The second quarter is usually a slow one for Columbia Sportswear (NASDAQ:COLM), as it is stuck in the middle between the ultra-important spring selling and the also-significant fall and winter period. However, management did its best to liven things up by boosting its expectations for the balance of the year and declaring a $0.14 dividend.

Strong international sales helped to counteract the negative domestic growth that resulted from higher than expected order cancellations in the U.S.' challenging retail market. Both the sportswear category and Sorel brand contributed solid growth, posting 11% and 28% increases, respectively. However, the outerwear segment and Montrail brand didn't fare so well, and both dropped 8%. The end result was a modest 3% increase in total sales, though successful cost-cutting moves led to a doubling of diluted earnings.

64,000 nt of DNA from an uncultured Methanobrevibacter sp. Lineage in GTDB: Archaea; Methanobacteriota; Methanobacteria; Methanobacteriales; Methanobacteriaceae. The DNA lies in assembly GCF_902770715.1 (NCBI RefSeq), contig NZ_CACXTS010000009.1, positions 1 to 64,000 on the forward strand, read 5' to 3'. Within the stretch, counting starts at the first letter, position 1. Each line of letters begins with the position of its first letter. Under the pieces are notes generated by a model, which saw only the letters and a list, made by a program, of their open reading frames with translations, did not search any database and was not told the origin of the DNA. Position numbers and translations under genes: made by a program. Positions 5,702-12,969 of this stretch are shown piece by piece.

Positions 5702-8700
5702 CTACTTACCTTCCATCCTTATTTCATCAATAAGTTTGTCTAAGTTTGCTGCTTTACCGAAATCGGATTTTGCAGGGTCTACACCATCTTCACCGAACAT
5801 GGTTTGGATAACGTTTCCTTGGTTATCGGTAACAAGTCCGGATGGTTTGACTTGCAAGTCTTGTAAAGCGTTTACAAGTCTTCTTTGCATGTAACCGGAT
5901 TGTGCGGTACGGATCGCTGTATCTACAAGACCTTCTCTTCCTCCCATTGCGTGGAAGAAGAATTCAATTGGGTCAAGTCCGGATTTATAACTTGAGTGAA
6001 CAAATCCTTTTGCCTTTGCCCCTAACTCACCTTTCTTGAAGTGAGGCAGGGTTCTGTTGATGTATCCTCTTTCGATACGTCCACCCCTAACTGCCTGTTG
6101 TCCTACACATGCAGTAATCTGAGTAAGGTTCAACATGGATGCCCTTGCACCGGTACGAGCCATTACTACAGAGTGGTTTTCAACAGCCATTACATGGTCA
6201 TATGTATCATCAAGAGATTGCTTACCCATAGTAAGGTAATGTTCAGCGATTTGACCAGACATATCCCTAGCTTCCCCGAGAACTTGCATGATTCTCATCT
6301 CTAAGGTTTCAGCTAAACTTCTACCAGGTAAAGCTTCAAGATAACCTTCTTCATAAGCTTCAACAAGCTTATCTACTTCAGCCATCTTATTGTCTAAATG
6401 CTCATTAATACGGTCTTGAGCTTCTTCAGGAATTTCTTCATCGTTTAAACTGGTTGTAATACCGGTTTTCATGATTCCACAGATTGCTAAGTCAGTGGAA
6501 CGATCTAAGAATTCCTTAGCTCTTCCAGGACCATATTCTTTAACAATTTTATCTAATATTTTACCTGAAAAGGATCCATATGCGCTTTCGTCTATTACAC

Management expects the strong bottom-line trends to continue, as it upped fiscal 2007 guidance to $3.69, placing the forward P/E at just over 17. While that's a reasonable multiple in the consumer goods world, archrival Nike (NYSE:NKE) is trading at under 15 times forward expectations.

A P/E multiple is clearly only one of many metrics with which to compare firms. Nike and Columbia actually share many other aspects, including Oregon-based headquarters, a similar product focus, though Columbia is less geared toward footwear, strong cash flow generation, and stable businesses with appealing growth potential.

Other direct competitors of Columbia include privately held Patagonia and North Face, which is owned by VF Corporation (NYSE:VFC), Quiksilver (NYSE:ZQK), and UnderArmour (NYSE:UA). Overall, few can match Columbia's stable approach to growing its business, and it and Nike have had the highest performing stock prices over the past year. I don't know if I would give Columbia Sportswear the edge over its cross-town rival, but it definitely is worth taking home -- if the price is right.

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Fool contributor Ryan Fuhrmann is long shares of Nike but has no financial interest in any other company mentioned. Feel free to email him with feedback or to discuss any companies mentioned further. The Fool has an ironclad disclosure policy.

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